Whoever first claimed that leadership abhors a vacuum was certainly an insightful person. The glaring absence of direction and decision-making when there is no leader present is a situation that cries out for correction. Whether it is simply a circumstance where someone in the family must decide where they will go for dinner, or the critical moments in a championship game when an individual must step forward and rally the team from near defeat and onward to victory, leaders are needed everywhere. It is virtually impossible to identify a condition in life where some element of leadership is not needed. Because of this overwhelming cry for those who will help point the way, more often than not individuals who had no designs on a leadership role, find themselves serving in influential capacities, rife with demands and expectations; expectations they are little prepared to meet.
While I cannot claim any scientific basis for my findings, I have observed over the course of careers in both the military and ministry that there are a handful of common characteristics found in certain individuals who proved themselves successful in leadership roles and where these same traits are noticeably absent from the lives of those who struggled with the mantel of leadership. In a nutshell, these qualities are: Courage, Tenacity, and a Plan – these are the primary ingredients for any leader.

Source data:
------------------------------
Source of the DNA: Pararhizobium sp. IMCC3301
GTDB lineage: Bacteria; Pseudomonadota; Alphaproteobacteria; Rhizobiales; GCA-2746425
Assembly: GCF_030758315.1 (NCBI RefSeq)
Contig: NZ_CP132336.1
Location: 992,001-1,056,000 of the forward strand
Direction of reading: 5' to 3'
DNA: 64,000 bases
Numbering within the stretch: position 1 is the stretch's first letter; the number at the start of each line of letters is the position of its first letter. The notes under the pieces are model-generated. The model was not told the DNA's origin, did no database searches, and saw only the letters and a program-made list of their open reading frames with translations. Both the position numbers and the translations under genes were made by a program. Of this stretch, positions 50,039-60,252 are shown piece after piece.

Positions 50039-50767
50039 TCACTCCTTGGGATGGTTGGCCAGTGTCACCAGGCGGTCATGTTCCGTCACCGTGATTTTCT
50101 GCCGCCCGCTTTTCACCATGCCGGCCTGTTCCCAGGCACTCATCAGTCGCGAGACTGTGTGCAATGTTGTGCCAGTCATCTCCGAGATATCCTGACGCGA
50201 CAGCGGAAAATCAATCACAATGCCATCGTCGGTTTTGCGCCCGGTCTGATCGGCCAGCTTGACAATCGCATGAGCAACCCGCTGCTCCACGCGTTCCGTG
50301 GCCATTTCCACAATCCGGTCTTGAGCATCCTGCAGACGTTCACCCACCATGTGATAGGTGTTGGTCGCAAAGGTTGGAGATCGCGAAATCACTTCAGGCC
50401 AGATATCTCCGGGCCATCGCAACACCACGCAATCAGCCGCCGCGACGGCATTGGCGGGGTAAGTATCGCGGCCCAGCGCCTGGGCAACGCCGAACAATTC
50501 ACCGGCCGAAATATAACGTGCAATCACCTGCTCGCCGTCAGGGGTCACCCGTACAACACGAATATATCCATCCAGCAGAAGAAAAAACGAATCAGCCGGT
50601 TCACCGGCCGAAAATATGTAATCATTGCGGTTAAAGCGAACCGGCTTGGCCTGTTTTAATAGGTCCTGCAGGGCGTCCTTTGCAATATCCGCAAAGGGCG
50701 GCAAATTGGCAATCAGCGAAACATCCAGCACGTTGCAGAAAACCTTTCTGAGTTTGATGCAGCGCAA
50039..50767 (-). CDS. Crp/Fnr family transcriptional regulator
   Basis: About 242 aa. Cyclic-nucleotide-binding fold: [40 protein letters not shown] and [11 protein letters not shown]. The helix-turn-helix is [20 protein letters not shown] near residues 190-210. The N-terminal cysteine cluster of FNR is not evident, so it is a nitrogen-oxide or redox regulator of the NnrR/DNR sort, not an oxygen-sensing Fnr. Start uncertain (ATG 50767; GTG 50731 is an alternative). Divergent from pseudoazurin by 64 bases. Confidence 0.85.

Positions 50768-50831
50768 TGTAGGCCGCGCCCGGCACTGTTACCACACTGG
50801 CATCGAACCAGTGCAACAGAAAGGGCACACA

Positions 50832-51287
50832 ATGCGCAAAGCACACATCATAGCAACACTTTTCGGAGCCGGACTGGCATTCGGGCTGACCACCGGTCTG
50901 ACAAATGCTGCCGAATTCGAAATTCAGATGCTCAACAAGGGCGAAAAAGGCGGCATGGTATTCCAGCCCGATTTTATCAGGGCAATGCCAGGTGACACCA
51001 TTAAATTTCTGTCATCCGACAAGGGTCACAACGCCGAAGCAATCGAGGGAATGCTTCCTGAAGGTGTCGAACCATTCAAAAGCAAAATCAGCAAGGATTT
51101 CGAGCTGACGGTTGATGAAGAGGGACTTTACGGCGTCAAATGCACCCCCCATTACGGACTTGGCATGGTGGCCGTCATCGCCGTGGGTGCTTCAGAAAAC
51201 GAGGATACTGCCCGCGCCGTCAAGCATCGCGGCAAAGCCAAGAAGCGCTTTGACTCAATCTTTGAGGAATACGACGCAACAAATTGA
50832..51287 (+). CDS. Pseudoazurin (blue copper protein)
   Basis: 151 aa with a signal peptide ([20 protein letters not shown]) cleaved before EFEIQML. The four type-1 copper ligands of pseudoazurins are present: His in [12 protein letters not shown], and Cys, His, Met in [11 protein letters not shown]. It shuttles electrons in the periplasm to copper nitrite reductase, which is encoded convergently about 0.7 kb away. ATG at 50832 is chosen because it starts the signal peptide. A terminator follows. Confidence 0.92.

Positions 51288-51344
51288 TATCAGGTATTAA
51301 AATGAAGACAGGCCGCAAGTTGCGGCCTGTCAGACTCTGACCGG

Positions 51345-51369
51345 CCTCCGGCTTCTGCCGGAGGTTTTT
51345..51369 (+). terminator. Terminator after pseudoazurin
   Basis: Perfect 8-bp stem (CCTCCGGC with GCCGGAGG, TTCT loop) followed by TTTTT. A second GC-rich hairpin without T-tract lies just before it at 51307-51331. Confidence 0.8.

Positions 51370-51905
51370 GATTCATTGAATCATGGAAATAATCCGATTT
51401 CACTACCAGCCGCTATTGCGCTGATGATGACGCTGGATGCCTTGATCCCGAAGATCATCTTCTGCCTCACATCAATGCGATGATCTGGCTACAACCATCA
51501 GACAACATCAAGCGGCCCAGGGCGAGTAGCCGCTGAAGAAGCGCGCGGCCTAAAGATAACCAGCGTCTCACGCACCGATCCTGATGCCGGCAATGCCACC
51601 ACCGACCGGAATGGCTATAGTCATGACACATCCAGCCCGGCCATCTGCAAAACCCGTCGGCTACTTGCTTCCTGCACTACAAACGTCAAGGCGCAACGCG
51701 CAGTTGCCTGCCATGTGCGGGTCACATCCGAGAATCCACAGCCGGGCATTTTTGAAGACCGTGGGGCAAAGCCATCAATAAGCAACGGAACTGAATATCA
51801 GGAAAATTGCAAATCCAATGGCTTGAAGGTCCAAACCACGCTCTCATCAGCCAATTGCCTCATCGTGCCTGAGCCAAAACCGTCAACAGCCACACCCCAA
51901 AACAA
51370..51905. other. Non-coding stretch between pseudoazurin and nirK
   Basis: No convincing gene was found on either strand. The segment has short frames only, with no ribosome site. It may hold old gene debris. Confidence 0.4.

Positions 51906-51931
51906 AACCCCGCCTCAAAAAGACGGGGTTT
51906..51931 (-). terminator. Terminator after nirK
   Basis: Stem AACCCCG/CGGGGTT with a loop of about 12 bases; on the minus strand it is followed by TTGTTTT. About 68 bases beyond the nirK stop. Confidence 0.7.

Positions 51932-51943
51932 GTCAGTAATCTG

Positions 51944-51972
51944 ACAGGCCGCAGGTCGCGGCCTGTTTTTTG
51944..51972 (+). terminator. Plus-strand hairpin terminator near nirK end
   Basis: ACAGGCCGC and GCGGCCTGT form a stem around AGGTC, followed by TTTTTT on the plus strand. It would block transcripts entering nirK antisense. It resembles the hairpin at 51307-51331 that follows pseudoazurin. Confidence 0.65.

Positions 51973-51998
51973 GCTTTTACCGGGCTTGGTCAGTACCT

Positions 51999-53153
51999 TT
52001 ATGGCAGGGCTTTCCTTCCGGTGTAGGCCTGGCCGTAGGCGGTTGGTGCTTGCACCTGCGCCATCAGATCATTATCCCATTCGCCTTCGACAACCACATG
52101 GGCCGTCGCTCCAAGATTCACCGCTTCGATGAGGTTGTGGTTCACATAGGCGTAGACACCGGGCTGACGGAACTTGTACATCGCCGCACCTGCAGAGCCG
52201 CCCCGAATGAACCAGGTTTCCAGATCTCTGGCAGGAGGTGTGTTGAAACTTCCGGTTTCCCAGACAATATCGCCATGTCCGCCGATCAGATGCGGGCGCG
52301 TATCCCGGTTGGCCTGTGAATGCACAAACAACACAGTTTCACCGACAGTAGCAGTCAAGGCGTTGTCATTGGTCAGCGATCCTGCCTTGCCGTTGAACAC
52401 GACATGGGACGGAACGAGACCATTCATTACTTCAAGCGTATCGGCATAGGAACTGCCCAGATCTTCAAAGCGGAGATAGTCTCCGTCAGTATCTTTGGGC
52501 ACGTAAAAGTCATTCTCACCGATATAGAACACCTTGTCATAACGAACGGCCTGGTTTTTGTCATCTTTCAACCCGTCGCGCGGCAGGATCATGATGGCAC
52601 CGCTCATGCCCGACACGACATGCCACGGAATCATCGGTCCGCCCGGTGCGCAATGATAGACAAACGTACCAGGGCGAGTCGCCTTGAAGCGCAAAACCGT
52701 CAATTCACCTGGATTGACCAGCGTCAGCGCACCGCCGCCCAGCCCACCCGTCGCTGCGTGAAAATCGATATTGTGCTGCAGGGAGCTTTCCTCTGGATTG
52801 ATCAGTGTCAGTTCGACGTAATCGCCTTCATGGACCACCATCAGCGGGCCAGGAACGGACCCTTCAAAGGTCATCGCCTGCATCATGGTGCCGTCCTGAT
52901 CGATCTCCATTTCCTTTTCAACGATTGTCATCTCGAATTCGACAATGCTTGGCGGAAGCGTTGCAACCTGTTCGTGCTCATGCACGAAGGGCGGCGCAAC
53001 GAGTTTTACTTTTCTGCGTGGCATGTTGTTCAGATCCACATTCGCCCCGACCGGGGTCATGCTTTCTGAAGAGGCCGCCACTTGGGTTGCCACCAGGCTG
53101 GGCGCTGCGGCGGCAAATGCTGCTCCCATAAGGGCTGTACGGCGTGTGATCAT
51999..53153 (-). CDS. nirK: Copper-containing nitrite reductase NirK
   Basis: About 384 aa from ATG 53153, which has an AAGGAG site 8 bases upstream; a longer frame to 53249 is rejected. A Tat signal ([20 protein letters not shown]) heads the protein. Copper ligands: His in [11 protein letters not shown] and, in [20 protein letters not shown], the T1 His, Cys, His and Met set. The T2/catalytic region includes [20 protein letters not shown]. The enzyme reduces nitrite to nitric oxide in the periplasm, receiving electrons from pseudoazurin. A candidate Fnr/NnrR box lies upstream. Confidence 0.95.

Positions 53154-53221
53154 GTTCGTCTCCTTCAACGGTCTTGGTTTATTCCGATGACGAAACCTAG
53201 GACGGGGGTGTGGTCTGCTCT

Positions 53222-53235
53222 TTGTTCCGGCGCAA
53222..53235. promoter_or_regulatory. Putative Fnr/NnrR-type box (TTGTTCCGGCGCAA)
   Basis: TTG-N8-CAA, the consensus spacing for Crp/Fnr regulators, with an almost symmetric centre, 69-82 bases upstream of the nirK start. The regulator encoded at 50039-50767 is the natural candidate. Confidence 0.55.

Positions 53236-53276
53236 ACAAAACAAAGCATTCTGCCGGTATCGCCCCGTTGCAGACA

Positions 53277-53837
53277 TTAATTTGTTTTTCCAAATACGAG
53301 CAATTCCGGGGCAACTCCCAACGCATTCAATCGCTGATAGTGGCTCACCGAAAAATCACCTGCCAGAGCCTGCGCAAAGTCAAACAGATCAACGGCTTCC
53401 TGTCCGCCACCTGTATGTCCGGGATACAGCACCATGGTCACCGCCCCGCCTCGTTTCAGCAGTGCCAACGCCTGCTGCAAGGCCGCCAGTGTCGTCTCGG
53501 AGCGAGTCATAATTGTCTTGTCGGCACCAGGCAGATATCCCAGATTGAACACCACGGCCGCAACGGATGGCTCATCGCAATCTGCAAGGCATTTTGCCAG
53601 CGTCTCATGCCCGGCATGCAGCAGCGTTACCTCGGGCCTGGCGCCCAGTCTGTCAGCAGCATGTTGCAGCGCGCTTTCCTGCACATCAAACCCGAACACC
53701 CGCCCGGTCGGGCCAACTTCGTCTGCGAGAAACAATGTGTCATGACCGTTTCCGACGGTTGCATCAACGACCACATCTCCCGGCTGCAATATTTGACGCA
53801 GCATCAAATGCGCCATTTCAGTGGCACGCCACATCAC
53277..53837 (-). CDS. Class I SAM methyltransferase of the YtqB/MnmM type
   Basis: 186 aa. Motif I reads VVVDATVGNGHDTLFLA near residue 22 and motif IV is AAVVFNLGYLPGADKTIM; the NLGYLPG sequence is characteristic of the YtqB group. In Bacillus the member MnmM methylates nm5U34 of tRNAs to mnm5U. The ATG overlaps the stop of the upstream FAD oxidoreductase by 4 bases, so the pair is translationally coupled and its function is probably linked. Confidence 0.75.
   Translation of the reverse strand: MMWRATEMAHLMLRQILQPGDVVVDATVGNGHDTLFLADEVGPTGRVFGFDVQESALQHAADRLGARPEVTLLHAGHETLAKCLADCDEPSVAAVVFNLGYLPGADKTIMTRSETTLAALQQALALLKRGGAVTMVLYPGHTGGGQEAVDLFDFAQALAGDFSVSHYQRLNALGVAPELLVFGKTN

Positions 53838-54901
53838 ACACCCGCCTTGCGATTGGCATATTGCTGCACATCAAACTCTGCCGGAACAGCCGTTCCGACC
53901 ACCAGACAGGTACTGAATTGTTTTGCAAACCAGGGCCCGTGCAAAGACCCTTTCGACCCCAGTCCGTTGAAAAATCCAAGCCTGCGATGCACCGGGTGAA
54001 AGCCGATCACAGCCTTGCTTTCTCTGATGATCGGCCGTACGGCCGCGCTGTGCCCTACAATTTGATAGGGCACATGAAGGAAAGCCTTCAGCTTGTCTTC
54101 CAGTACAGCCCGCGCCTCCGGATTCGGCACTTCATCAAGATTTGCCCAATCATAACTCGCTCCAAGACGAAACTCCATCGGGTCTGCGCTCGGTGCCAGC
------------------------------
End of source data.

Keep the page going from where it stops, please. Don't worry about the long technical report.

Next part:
To be sure, Courage is a virtue among people that is valuable for a myriad of reasons. For an individual to step forward and offer themselves up to intense scrutiny of their thoughts and actions, particularly in a highly stressful and serious environment, requires a disregard for fear of criticism and complaint. It is precisely such intimidation that creates the situation wherein no one will name the place for dinner. An effective leader is the one who can risk making a decision because he or she has confidence in their own understanding of the situation and the factors that led them to make that choice. An overly cautious and timid person too often falls victim to the “paralysis of analysis” and no decision is ever made; therefore no action is ever taken – a consequence of failed leadership.
Not too long ago, I sat in a hospital waiting room among a group of men who found a common topic of discussion in criticism of both Congress and the President. Each man, in turn, critiqued and bad-mouthed our leaders in Washington for the state of the economy, wars in Iraq and Afghanistan, and concerns for healthcare insurance. Some were articulate, others downright vulgar, but the common trait I discerned among the group was that they were all brave enough to complain, but none had ever even bothered to write their Representative, let alone run for political office. Some admitted that they had not even voted in the last general election! It takes courage to be a leader and to make the tough decisions.